Global is where it's at. The balance of trade, interest rates, economic growth and global expansion all are sending payments from high-wage Western countries to lower-wage emerging markets and Eastern countries.
Few firms aren't outsourcing technology and/or operations to some far flung country, such as India, Sri Lanka, China, Russia or the Philippines. And what happens with that money? It gets pumped into local economies, creating larger business and greater opportunities for companies providing products and services into these markets.
Creating and funding these companies isn't easy. They need markets for their products, talent to run their operations and expansion capital. This need for capital drives financial markets, which drive investment and investing. But how do investors invest in these emerging markets?
Traditionally, investing in overseas markets has been left to the professionals. Stamp duties, withholding laws, and lack of transparency and retail-based multicurrency processing systems have left the U.S.-based retail investor few options to invest overseas except through Depository Receipts, mutual funds, ETFs and other institutionally based investment products.
But E-Trade now is offering retail-based access to six global markets (Canada, France, Germany, Hong Kong, Japan and the U.K.), which could eventually be expanded to 42 markets. While access to global markets is nothing new for Europeans, Canadians and other less-geographically challenged economies, this is an interesting development for Americans and not completely risk-free.
To offer access to global markets, a broker needs a multicurrency back office, limited FX trading, currency risk management and multicurrency P&L, multicurrency statements, and either a front end or a broker-network/call center that understands the nuances in selling, executing and processing foreign transactions. And that does not include providing investors with the research, quotes, insight and access to markets (such as Japan) that are completely countercyclical (open when we are closed) to U.S. markets. This certainly is not a cakewalk.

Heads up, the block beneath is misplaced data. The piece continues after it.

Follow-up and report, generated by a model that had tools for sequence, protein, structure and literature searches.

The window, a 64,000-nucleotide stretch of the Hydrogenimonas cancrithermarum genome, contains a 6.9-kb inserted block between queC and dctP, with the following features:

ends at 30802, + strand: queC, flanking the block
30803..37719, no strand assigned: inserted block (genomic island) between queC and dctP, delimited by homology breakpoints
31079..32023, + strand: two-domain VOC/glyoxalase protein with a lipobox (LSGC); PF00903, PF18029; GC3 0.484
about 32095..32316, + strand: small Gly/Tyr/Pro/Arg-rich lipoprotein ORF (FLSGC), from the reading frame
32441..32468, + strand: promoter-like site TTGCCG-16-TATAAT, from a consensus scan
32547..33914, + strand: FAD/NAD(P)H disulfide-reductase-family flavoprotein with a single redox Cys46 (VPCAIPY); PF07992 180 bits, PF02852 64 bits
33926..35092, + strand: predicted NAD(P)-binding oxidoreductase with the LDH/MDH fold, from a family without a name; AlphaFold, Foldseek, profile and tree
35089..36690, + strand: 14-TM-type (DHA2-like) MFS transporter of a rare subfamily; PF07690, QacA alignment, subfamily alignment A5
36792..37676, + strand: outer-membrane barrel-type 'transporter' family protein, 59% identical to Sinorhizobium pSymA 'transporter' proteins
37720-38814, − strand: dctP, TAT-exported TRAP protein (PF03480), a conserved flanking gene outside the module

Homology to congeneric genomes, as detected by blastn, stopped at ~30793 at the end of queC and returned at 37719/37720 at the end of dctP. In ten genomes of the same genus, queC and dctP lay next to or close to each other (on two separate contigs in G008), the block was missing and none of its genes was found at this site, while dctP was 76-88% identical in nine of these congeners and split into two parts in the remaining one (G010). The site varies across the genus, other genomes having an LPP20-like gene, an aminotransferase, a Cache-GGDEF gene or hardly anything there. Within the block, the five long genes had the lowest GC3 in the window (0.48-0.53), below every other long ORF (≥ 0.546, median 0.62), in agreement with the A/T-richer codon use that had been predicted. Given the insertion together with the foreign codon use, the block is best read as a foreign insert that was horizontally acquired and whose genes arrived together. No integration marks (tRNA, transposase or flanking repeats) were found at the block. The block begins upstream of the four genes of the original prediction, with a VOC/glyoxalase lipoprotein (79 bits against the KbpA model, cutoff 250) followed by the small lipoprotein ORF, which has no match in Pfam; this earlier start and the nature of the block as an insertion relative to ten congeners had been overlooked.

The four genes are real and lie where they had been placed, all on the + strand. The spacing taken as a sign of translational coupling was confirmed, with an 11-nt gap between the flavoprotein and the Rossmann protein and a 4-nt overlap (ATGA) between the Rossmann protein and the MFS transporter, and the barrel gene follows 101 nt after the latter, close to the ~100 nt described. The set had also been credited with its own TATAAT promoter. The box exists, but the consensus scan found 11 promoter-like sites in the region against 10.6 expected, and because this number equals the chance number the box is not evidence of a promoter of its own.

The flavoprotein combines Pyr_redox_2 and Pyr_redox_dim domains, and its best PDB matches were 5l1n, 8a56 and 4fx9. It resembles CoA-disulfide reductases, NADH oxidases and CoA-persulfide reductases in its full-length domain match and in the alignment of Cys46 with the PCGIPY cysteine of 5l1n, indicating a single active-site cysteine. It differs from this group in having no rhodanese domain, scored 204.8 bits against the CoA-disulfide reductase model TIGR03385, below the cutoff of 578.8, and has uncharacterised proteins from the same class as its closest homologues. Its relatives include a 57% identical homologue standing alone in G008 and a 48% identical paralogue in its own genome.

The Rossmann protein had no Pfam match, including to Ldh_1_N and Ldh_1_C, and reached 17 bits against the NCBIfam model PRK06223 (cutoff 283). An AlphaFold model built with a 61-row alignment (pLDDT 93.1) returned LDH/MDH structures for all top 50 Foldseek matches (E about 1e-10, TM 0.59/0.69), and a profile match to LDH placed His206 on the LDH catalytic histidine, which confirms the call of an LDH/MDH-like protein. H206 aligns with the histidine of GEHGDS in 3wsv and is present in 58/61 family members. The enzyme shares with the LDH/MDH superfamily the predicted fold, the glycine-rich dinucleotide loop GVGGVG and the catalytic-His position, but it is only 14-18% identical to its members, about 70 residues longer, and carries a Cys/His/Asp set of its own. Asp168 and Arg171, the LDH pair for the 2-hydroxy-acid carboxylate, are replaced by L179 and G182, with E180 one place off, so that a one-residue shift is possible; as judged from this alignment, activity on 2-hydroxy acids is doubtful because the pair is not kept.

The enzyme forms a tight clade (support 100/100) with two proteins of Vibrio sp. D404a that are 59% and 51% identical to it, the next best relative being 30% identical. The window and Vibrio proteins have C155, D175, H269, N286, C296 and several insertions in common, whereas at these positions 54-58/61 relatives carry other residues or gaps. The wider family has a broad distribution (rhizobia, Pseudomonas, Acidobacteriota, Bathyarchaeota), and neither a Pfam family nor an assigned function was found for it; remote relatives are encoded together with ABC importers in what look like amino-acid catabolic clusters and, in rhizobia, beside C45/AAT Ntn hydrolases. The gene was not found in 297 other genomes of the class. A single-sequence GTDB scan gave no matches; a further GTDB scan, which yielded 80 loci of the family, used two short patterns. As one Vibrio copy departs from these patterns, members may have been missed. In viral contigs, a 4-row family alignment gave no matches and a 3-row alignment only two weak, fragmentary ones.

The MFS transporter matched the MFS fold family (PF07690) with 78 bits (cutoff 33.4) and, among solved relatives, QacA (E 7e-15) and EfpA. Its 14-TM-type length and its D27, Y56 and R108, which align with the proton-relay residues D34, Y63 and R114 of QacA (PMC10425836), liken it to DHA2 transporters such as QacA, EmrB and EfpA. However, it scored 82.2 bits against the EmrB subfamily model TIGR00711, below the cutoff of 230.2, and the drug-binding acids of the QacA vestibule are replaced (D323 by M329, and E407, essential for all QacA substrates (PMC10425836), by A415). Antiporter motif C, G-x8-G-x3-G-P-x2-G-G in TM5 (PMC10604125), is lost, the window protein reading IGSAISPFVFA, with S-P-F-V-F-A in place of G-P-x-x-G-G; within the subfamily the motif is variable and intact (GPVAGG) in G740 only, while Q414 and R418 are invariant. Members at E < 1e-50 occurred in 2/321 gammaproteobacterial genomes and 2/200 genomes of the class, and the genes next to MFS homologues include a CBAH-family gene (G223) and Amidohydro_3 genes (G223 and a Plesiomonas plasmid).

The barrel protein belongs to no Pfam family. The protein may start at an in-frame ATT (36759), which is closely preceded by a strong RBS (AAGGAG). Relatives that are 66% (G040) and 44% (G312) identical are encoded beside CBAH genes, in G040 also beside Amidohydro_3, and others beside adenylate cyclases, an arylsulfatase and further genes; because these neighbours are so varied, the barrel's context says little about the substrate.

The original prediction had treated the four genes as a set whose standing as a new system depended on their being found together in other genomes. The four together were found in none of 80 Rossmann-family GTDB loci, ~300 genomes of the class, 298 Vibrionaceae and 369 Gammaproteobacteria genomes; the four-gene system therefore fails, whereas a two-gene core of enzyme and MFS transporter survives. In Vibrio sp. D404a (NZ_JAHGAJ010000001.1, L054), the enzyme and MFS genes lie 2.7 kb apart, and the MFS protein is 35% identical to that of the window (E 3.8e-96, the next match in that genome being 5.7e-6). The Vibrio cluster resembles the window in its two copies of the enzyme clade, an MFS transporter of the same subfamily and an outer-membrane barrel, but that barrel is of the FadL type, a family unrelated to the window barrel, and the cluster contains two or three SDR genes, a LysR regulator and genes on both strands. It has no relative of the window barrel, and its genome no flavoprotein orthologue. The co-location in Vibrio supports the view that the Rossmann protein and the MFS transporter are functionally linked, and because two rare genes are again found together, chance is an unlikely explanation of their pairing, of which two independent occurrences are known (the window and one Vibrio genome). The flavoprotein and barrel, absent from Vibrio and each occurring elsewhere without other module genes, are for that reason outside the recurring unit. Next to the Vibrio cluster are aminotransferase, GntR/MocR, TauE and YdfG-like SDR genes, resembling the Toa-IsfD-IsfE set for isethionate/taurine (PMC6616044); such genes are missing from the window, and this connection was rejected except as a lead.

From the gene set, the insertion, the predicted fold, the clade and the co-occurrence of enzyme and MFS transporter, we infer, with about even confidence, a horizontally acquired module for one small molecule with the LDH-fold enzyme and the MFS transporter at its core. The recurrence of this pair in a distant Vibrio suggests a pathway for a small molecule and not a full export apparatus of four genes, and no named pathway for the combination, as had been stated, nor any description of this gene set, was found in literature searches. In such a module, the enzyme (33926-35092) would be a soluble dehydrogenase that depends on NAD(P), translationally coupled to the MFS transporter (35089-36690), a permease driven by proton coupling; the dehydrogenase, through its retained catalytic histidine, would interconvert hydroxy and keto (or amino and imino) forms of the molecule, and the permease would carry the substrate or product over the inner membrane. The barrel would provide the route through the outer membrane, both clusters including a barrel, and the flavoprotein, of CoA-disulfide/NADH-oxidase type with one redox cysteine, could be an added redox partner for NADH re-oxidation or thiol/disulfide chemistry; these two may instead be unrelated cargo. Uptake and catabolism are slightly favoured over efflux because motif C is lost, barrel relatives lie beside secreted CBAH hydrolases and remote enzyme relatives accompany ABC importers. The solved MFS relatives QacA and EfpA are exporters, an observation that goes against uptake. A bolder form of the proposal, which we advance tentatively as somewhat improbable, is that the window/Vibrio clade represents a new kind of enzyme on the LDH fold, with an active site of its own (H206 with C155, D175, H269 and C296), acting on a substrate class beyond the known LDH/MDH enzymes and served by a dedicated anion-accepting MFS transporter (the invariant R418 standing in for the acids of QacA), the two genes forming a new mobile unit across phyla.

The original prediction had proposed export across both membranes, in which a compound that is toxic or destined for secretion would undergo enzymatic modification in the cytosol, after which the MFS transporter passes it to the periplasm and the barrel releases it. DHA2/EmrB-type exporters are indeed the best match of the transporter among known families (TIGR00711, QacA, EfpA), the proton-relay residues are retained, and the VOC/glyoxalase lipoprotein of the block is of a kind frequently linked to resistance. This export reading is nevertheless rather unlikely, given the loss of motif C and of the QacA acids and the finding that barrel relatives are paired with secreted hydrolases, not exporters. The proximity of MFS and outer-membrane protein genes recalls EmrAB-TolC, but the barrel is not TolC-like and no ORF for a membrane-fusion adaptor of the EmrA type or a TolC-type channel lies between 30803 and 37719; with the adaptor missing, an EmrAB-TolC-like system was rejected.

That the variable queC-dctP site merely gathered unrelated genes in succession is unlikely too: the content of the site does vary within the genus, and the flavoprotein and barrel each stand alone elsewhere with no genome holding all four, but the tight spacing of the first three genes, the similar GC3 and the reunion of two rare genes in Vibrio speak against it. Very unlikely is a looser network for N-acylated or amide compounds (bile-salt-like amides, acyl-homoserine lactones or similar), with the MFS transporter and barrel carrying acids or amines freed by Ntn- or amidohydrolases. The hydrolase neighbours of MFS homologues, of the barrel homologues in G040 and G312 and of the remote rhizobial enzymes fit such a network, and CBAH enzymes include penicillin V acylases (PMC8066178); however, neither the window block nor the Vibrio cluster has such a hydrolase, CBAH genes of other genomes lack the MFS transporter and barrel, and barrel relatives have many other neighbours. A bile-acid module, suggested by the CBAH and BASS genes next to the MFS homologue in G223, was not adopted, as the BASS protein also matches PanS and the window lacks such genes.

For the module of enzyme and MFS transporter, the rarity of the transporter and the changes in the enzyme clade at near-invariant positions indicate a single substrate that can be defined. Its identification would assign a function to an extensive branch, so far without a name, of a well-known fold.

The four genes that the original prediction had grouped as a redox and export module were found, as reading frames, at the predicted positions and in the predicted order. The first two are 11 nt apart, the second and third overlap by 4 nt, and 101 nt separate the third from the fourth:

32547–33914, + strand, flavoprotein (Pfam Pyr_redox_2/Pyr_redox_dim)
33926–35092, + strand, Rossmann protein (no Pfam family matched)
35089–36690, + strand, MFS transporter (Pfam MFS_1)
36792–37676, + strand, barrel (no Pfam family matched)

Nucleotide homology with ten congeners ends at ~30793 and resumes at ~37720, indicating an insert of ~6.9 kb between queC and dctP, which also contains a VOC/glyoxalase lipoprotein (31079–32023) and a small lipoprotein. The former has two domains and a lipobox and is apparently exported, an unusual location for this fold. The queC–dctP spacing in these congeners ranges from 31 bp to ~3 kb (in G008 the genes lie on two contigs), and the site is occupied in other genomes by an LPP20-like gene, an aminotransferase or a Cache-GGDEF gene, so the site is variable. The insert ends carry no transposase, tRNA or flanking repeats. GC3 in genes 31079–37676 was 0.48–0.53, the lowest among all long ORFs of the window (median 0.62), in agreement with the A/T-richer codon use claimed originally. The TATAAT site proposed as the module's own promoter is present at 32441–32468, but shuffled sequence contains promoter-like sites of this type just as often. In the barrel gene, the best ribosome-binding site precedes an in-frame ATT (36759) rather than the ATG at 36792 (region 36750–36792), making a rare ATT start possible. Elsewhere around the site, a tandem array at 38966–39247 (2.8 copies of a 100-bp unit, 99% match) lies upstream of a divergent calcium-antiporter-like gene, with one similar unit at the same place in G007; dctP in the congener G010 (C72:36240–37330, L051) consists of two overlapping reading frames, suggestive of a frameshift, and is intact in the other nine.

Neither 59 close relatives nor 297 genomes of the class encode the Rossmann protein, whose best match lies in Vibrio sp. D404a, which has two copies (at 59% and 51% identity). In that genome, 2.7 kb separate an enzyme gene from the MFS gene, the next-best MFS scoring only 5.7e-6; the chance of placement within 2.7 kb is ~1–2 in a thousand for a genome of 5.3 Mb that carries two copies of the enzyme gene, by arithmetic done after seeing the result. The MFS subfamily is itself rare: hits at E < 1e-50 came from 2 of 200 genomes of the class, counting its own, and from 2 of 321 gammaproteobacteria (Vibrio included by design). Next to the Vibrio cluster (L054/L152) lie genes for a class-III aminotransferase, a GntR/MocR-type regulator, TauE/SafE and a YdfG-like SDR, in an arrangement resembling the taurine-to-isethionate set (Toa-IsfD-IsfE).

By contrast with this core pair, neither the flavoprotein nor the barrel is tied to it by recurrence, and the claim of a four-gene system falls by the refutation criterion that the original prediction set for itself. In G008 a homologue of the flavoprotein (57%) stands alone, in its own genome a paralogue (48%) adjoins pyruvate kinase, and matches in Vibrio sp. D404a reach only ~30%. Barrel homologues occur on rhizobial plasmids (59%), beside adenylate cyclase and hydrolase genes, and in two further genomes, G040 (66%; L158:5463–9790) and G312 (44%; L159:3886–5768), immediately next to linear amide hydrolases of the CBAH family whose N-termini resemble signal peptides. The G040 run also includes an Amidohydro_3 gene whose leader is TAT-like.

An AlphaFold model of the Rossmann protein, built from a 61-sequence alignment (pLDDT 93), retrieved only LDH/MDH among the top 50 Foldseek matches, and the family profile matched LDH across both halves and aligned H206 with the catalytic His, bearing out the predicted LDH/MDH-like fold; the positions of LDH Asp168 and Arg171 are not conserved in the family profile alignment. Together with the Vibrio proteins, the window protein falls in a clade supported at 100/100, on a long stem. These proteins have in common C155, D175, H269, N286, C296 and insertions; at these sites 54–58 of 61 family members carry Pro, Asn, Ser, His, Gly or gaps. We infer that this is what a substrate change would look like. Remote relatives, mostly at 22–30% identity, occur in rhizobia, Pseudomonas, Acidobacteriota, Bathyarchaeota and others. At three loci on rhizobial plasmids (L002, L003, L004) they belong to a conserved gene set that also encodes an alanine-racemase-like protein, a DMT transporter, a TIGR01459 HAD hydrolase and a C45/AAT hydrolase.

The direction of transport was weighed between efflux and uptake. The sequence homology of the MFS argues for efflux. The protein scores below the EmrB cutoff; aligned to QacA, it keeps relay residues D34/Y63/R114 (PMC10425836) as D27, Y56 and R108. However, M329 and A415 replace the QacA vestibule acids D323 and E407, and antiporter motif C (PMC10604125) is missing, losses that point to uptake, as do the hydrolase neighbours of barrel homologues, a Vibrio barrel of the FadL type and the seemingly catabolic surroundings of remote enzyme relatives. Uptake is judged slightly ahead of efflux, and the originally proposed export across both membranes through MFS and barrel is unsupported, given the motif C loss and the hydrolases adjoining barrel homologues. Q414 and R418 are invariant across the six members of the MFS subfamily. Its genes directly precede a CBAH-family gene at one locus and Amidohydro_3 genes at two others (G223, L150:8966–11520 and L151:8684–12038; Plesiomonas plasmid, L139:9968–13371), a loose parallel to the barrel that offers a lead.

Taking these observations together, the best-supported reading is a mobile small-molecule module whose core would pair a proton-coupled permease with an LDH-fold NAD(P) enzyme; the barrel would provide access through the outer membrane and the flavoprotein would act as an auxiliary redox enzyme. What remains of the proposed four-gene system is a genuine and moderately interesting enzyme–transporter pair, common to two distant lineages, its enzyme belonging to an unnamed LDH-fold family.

However, with risk comes rewards. Over the past few years, U.S. markets have vastly underperformed against most foreign markets -- and not by a little. For example, the S&P 500 over the past two years has returned approximately 20 percent while the Bombay Sensex Index has returned more than 110 percent and the FTSE/Xinhua China 25 Index returned approximately 90 percent.
Institutional investors have seen this trend, and many portfolio managers, buy-side traders and hedge funds are moving full steam ahead into these foreign waters. Merrill Lynch just stated that it expects to see almost 75 percent of its banking revenues generated overseas within five years. The NYSE has acquired Euronext and is looking to be the first global securities exchange. Even the city of New York is concerned about this trend as Mayor Bloomberg commissioned McKinsey to investigate these challenges in a look at the competitiveness of New York as a global financial center. And while all of these trends may not bode well for the U.S. being the global financial power of yore, they all point toward the opportunities in investing overseas.
Investors and brokers need to move with caution, however, as all markets, all economies and all governments are not alike -- and they're certainly not like the U.S. So while providing global investing access to retail investors is a great thing, it is not immediately for the faint of heart. Be prepared for tax, withholding, regulatory and accounting challenges that will make overseas investing a little different than buying 100 shares of IBM. <<< Larry Tabb is the founder and CEO of TABB Group, the financial markets' research and strategic advisory firm focused exclusively on capital markets. Founded in 2003 and based on the interview-based research methodology of "first-person knowledge" he developed, TABB Group ... View Full Bio